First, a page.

Should hiker rescued for second time this year get billed?

Should hiker rescued for second time this year get billed?

FARMINGTON, Utah (ABC 4 News) - Should those needing search and rescue services be given a bill? It's a question that's crossed the minds of some sheriff’s deputies after a Davis County man needed to be rescued from the same trail for the second time this year.
FARMINGTON, Utah (ABC 4 News) - Should those needing search and rescue services be given a bill? It's a question that's crossed the minds of some sheriff’s deputies after a Davis County man needed to be rescued from the same trail for the second time this year.

“I think he should probably pick an easier trail,” said Brad Armstrong, a Salt Lake City resident.

A 52-year-old man needed to be rescued over the weekend from Great Western Trail east of Layton. He got lost on the same trail back in May.

“He should have learned the first time around,” said Mark Van Roosendaal, a hiker.

Search and rescue responded and with the help of a helicopter got him off the mountain, but at a cost to public safety.

“We send deputies up there that are taken off the road that are not available for other types of situations,” said Sgt. Susan Poulsen, Davis County Sheriff’s Department.

But it’s also a cost in terms of community tax dollars.

The Davis County Sheriff's Department said the cost to rescue a hiker depends on medical needs, location and trail conditions. Even though crews are volunteer, on average a rescue operation can add up to $3,000-$4,000, said Poulsen. Need a helicopter? Tack on thousands more.

“That's expensive, he should pay the second time,” said Van Roosendaal.

The Davis County Sheriff’s Department considered trying to re-coop costs from the hiker.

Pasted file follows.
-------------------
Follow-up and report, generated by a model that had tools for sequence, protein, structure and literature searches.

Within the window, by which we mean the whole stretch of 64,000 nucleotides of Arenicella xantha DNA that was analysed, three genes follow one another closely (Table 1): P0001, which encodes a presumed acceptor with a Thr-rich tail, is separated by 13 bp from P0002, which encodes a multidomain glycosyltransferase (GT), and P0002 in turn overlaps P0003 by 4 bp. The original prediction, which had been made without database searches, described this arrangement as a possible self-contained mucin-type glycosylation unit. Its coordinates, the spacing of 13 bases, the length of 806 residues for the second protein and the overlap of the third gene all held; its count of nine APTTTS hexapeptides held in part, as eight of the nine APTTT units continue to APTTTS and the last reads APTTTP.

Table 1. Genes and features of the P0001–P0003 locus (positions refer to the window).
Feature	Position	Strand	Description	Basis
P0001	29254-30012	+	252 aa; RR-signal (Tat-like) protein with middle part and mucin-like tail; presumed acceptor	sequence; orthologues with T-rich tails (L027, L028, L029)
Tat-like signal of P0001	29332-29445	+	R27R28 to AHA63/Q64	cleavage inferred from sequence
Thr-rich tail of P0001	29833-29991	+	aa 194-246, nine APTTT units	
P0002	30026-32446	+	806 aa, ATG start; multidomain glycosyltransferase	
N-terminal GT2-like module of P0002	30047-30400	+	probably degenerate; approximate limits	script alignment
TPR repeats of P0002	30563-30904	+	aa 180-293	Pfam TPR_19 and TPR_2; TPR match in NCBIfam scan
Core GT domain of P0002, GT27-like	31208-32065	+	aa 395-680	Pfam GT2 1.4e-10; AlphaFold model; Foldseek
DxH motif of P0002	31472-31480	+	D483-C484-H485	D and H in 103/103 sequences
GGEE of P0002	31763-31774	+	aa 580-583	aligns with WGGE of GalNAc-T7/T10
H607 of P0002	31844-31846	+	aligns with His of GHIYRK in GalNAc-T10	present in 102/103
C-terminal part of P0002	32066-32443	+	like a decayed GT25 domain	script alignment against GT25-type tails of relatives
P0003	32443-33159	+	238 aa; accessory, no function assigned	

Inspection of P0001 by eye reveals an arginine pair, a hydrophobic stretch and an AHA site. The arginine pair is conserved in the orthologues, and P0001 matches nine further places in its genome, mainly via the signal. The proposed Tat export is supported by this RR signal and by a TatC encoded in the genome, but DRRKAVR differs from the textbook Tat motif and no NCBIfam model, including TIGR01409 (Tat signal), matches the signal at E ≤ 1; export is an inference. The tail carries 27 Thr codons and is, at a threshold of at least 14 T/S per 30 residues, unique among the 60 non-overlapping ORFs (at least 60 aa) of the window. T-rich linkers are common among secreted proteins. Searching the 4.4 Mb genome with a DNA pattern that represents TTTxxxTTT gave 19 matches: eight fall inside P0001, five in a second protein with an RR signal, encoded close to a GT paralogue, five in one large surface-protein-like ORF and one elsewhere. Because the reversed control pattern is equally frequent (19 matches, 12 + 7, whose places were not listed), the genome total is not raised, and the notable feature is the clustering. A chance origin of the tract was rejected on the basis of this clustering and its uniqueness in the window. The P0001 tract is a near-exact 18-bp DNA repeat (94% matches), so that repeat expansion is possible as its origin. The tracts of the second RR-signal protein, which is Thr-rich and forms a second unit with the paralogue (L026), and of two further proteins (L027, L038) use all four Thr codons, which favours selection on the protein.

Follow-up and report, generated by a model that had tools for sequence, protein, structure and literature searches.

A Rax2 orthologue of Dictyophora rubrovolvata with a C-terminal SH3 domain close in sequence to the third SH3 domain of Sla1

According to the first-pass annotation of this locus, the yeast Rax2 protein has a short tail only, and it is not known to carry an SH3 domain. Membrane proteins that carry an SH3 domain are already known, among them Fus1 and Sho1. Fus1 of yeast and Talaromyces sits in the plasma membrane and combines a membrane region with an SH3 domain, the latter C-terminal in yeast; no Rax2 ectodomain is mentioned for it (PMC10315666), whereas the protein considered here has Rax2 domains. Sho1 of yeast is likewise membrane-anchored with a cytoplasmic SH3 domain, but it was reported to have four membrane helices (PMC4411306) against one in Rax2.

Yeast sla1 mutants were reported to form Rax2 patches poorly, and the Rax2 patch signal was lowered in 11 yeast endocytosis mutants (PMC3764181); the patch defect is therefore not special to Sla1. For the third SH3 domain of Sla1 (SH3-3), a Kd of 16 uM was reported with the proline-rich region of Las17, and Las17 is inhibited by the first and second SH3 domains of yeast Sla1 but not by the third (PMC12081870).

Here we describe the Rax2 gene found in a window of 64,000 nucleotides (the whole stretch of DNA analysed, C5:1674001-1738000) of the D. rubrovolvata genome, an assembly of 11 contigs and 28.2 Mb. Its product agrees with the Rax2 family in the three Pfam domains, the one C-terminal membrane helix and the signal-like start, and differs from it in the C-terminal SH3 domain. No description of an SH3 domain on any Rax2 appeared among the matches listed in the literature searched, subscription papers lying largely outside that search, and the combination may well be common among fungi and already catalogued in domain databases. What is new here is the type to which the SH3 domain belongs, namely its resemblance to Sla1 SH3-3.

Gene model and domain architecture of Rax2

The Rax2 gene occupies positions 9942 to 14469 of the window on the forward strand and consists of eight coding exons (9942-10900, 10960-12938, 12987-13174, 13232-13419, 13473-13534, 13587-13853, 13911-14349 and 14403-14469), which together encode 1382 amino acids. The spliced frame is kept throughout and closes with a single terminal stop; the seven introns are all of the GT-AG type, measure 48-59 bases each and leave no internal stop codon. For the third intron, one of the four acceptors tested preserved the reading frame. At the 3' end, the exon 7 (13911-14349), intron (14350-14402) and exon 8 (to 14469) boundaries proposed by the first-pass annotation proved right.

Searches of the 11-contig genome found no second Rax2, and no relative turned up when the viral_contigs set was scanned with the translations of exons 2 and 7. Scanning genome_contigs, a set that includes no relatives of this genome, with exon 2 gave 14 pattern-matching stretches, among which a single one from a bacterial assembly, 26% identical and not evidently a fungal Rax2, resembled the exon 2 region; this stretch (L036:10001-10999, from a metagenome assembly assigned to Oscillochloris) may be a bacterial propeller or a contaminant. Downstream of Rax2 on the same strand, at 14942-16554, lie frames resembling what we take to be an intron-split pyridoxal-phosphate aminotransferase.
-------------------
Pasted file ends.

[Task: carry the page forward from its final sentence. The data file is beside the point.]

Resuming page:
“Initial deputies on the scene were talking about that,” said Poulsen. “They may be looking into that, but certainly not anything criminal.”

With weather moving into the Wasatch Front this week, rescue crews know their services may be needed now more than any other time of the year.

Hikers are taking caution.

“You know the forecast and if it's really bad I don't go,” said Ted Palomaki, a hiker.

“When it's snowing, I’ll take the lower trails, so you can’t get into a whole lot of trouble,” said Van Roosendaal

If you do get into to trouble crews want you to call for help-- even if it's for the second time.

“Things happen, people get lost, the last thing we want is for someone to hesitate to call when someone is in need,” said Poulsen.

“We all need to take responsibility for our action and be prepared, but if I’m one of the ones up there in trouble I’m sure glad there is someone who can rescue me,” said Palomaki.

Another factor to consider when hiking this time of year is Day Light Saving time. It's this weekend. If you're not prepared you could find yourself on a pitch black trail without proper lighting.



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